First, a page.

Cambridgeshire or Newark on Trent in Nottinghamshire. These place names derive from the Old English "niwe" meaning "new," and "weorc," meaning "fortification," or "building."
Early Origins of the Newock family
Yorkshire where they held a family seat as Lords of the Manor. The Saxon influence of English history diminished after the Battle of Hastings in 1066. The language of the courts was French for the next three centuries and the Norman ambience prevailed. But Saxon surnames survived and the family name was first referenced in the 13th century when they held estates in that shire.
Early History of the Newock family
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Newock Spelling Variations
Spelling variations in names were a common occurrence before English spelling was standardized a few hundred years ago. In the Middle Ages, even the literate spelled their names differently as the English language incorporated elements of French, Latin, and other European languages. Many variations of the name Newock have been found, including Newark, Newarke, Nework, Newock, Newoke, Newick and many more.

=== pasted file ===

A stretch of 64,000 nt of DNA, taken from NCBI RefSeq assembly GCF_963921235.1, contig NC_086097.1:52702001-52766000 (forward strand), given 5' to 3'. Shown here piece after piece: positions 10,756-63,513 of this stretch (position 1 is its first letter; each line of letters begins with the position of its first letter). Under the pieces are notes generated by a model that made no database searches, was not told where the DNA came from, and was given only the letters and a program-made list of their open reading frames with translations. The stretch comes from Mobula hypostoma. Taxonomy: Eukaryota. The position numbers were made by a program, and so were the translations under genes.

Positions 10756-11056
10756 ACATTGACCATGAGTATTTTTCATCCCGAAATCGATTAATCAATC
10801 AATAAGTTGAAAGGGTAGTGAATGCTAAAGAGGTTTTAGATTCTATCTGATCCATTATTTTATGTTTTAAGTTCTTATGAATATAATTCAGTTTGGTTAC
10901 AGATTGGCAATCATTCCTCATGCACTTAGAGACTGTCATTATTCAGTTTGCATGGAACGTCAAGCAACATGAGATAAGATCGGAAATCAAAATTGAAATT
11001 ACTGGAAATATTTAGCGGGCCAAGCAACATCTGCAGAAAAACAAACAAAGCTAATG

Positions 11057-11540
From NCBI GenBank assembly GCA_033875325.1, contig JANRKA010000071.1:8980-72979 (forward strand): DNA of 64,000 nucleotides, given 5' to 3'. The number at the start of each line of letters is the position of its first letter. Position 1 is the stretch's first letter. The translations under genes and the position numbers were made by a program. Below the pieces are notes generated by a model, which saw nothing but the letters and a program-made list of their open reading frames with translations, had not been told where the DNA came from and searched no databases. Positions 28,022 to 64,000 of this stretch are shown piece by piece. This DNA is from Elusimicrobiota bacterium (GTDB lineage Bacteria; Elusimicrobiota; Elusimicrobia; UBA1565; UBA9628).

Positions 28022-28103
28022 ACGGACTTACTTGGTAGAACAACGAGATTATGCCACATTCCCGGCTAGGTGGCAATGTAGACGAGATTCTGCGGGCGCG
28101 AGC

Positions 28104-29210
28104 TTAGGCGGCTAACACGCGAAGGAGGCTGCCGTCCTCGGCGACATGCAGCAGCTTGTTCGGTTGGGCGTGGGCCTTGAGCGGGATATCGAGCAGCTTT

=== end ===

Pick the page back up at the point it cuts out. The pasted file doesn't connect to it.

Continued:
Early Notables of the Newock family (pre 1700)
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Migration of the Newock family to the New World and Oceana
Families began migrating abroad in enormous numbers because of the political and religious discontent in England. Often faced with persecution and starvation in England, the possibilities of the New World attracted many English people. Although the ocean trips took many lives, those who did get to North America were instrumental in building the necessary groundwork for what would become for new powerful nations. Some of the first immigrants to cross the Atlantic and come to North America bore the name Newock, or a variant listed above: Jon Newarke, who arrived in Virginia in 1628; Wm. Newark, who came to Virginia in 1654; William Newarke, who was on record in Jamaica in 1684; and Thomas Newark, who came to Philadelphia in 1782..
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